--


Evidence Tier rating based solely on this study. This intervention may achieve a higher tier when combined with the full body of evidence.

Characteristics of study sample as reported by study author.


  • Female: 51%
    Male: 49%
    • B
    • A
    • C
    • D
    • E
    • F
    • G
    • I
    • H
    • J
    • K
    • L
    • P
    • M
    • N
    • O
    • Q
    • R
    • S
    • V
    • U
    • T
    • W
    • X
    • Z
    • Y
    • a
    • h
    • i
    • b
    • d
    • e
    • f
    • c
    • g
    • j
    • k
    • l
    • m
    • n
    • o
    • p
    • q
    • r
    • s
    • t
    • u
    • x
    • w
    • y

    Michigan, Mississippi, North Carolina
  • Race
    Asian
    1%
    Black
    28%
    Other or unknown
    8%
    White
    24%
  • Ethnicity
    Hispanic    
    38%
    Not Hispanic or Latino    
    62%

Setting

The study took place in eight schools in seven districts in seven states: Alabama, Florida, Michigan, Mississippi, North Carolina, South Carolina, and two schools in Texas. The middle school sample analyzed here comprises three schools in Michigan, Mississippi, and North Carolina.

Study sample

The initial study sample included 3,309 students in grades 2–8 during the 2003/04 school year from 133 classrooms in nine schools, representing eight school districts in eight states. In the initial study sample 1% of the students were Asian, 28% African-American, 38% Hispanic, 0% Native American, 24% White, and 8% not specified. This review focuses on the middle school sample, which initially included 1,823 grade 6–8 students (1,010 treatment and 813 control) in 73 classrooms (41 treatment and 32 control). Demographic data on the middle school students could not be culled from the original study. Middle school classrooms dropped from the analysis include: 7 special education or enrichment treatment classrooms taught by teachers who had access to, but did not receive training in, Accelerated Math; 4 classrooms (2 treatment, 2 control) taught by two teachers who, according to the authors, arbitrarily chose which students to treat; and 22 classrooms (11 treatment, 11 controls) in a large, urban middle school district that, according to the authors, was unable to devote sufficient time and resources to Accelerated Math. The results here are drawn from the test-takers in the 40 middle school classrooms (21 treatment, 19 control) included in the analysis—792 students took the STAR Math test (418 treatment, 374 control) and 851 took the Terra Nova test (454 treatment, 397 control). Postattrition treatment and control groups were equivalent on pretests at baseline. Because these samples reflect attrition rates greater than 20%, the WWC rated this study as meeting evidence standards with reservations.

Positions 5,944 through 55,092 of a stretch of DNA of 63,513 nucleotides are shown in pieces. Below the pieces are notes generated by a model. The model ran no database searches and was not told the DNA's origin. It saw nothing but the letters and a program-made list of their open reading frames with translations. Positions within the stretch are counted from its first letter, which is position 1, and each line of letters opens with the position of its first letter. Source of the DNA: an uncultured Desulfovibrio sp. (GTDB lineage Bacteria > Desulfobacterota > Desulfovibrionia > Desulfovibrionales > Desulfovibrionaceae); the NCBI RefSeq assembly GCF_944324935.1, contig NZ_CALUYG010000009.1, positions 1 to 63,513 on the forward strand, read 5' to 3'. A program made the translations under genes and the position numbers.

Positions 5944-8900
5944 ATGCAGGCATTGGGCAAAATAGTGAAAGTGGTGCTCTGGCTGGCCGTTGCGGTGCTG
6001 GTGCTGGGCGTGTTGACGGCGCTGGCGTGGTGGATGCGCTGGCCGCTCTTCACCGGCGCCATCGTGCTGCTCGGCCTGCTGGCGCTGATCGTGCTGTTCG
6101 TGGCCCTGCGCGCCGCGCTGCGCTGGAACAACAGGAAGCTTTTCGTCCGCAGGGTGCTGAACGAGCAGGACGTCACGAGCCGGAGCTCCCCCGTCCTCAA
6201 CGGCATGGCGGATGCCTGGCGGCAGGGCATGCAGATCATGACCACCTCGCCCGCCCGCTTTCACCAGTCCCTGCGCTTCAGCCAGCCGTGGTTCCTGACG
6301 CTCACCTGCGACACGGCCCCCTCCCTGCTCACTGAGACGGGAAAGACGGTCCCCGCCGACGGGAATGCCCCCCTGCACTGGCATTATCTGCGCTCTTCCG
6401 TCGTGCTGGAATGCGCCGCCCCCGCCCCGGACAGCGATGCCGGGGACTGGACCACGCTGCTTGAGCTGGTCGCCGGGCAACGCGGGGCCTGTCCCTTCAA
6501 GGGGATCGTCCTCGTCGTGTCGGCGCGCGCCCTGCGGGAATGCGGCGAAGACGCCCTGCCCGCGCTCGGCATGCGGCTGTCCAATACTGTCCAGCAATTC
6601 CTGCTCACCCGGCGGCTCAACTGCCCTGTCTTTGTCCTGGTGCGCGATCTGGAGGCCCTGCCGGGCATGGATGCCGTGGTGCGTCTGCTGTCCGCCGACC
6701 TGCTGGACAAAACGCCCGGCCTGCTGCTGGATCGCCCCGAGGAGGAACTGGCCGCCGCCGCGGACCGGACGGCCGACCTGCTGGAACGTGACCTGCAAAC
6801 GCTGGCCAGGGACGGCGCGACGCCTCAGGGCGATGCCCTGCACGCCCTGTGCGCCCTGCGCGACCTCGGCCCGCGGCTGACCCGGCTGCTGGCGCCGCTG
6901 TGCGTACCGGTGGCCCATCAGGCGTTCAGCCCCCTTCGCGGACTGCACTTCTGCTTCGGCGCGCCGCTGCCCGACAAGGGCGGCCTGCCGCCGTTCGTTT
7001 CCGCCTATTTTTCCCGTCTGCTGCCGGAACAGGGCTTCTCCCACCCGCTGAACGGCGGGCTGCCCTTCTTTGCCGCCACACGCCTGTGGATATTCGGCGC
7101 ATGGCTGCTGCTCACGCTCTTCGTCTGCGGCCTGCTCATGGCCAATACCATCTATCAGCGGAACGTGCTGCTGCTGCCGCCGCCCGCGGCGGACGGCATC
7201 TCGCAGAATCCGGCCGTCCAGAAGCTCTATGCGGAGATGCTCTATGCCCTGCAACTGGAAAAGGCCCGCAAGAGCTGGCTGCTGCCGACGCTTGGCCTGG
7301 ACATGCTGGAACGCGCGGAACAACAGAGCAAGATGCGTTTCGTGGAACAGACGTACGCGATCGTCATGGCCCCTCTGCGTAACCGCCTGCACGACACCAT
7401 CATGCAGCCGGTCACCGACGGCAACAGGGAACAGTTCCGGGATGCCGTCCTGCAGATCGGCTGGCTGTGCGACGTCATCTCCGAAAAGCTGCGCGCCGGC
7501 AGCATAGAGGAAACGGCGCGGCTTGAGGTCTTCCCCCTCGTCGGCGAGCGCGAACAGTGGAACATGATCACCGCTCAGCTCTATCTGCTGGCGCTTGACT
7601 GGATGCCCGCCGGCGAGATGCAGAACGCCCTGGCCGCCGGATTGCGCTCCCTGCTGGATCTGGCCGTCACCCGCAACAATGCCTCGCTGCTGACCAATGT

Intervention Group

Students were taught by teachers using the Accelerated Math program during the 2003/04 school year. Accelerated Math is a progress-monitoring software program that teachers can use with their existing math curriculum. The program tracks students’ daily activities, provides immediate feedback to students and teachers, alerts teachers to students struggling with certain assignments, and monitors student achievement. Teachers assigned to the treatment group were asked to use Accelerated Math with their present math curriculum. In practice, the program was not implemented for approximately 40% of grade 2–8 students in the initial treatment group; the authors did not report the percentage of grade 6–8 students in the treatment group of the analysis sample that did not participate in Accelerated Math.

Comparison Group

Students in the control group were taught using existing math curricula, without Accelerated Math. The existing curricula included: Scott Foresman Middle School Math, Consumer Math, Everyday Math, Transition Math (Prentice Hall), and Chicago Math in Michigan; Glencoe in Mississippi; and Glencoe, McGraw-Hill, and the state curriculum in North Carolina. Control students had the same teachers as the intervention group students.

Outcome descriptions

Participating students were pretested in October 2003 and posttested in May 2004 using two nationally normed, standardized tests (STAR Math and Terra Nova) for math achievement. Students in the treatment and control groups were compared using a linear regression analysis in which posttest scores were regressed on pretest scores and on dummy variables related to main effects for experimental condition and school.

Support for implementation

Teachers in the intervention group were trained to use Accelerated Math. During the school year, teachers using Accelerated Math received three to five visits from a Renaissance Learning math consultant, who guided teachers on how to improve their use of the program. Teachers also had unlimited access to technical support.

In the case of multiple manuscripts that report on one study, the WWC selects one manuscript as the primary citation and lists other manuscripts that describe the study as additional sources.

  • Ysseldyke, J., & Bolt, D. M. (2005). High implementers of Accelerated Math show significant gains over low- or non-implementers. Madison, WI: Renaissance Learning, Inc.